kind,” to recruit from every class for the great army of Lay-helpers.
Those who promote the work have no fear about this.  Whatever God puts it
into a man’s heart to do, that let him do in due subordination to the
Church’s primary laws.  Will you resist this call?

This brings me to another point—the necessity of giving “to every man his
work.”  Each of our Lay-helpers should have his own definite work
assigned.  It never answers to stray over the whole field of possible
work, and happily there is scope for every variety of natural
temperament.  One is fond of teaching—then there is the Sunday school and
the night school.  Another has from God the gift of exhortation—“let him
wait on exhortation” in the Bible class and the prayer meeting.  Another
is “a son of consolation,” and has the precious gift of tender sympathy
for the needs and sufferings of others, and for him the sick-room and the
home of poverty are the ground on which he has to do his battle for his
Master.  As a district visitor and an almoner there is plenty for him to
do.  Yet another has a very practical turn of mind, and likes “business”
after “business hours,” and for him the penny bank and the provident fund
afford a scope for the exercise of those talents, which, equally with the
others, he has received from God’s hand.  Thus, you see, there is scope
for every one.

A few words now about the value of the Diocesan Association as a
connecting link among lay-helpers.  We are all quite alive to the value
of combinations in political and social affairs.  That “union is
strength,” is a recognised maxim, except in religion, where, above all
things, it is true.  The Diocesan Association of Lay-helpers set out, if
I mistake not, with a twofold purpose.  It desired, as far as possible,
to consolidate lay-help in the diocese, so that by united prayer,
converse, and communion, those engaged in God’s work in this great city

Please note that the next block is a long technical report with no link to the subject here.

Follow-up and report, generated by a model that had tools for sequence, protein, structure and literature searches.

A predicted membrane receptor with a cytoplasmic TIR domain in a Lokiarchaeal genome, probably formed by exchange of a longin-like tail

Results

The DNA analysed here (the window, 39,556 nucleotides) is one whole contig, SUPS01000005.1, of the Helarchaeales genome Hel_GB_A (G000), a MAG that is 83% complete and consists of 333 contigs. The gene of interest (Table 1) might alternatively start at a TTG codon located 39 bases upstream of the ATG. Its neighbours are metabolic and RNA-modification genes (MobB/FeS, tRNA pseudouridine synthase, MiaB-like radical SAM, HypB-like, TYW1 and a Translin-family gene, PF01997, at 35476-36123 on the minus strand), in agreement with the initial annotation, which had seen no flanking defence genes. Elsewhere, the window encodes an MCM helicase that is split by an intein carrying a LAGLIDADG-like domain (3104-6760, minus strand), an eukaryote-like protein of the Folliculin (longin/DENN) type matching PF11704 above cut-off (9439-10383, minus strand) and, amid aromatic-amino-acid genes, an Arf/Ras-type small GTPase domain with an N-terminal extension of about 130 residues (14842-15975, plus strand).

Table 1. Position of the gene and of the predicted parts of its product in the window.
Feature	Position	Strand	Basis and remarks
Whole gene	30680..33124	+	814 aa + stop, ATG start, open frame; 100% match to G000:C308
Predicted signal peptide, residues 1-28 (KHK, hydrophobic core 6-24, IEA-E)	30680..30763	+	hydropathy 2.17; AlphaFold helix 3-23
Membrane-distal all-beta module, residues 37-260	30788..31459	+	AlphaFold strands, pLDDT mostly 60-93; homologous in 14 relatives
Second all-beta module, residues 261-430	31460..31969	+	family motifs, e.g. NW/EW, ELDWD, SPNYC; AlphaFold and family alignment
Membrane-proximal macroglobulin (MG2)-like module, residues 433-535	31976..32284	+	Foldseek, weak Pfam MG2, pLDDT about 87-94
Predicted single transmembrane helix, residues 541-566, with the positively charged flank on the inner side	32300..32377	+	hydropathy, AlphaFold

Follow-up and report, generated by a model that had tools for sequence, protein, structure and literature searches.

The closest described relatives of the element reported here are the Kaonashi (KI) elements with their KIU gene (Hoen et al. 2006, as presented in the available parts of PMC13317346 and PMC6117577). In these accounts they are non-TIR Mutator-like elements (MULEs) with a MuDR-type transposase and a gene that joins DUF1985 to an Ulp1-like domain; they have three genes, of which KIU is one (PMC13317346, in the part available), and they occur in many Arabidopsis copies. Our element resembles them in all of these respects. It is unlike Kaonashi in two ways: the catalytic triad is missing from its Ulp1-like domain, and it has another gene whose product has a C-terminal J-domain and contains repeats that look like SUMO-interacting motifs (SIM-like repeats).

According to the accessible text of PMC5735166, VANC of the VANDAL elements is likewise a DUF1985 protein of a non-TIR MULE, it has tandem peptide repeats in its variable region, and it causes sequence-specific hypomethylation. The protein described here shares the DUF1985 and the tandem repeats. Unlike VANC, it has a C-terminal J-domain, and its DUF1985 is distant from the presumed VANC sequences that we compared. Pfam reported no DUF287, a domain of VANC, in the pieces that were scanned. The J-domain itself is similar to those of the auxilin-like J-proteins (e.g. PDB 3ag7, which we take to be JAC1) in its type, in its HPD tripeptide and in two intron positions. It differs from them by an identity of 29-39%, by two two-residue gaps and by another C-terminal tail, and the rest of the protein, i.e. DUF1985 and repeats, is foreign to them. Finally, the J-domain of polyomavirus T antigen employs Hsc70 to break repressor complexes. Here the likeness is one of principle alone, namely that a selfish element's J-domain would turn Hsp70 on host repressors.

might be brought face to face with one another.  It desired also to
_stimulate_ and to _distribute_ lay-work—to _stimulate_ it by being able
to show how many there were actually at work already—to _distribute_ it,
by sending the superfluous wealth of lay-help in a well-ordered wealthy
parish, to supplement the poverty and the difficulties of the destitute
districts.  In its work of consolidating and stimulating, we may thank
God that the Association has met with a fair measure of encouragement.
The work of distribution has proved one of greater difficulty.  I am,
however, very far from being without hope that it may be compassed in
greater degree, when the needs of the East-end and the poor transpontine
parishes are more widely known.  The Twelve Days’ Mission brought us some
help from educated laymen in suburban districts, and I can not only
testify personally to the value of that help, but I am thankful to say,
that in more than one case it has established a link which it would take
a great power to sunder.  The real aim of our Association then is to put
earnest laymen in the way of getting work by giving them, on their first
arrival in London, introductions to clergymen in need of help.  It
attempts no restraint on the parish priest.  It merely offers you the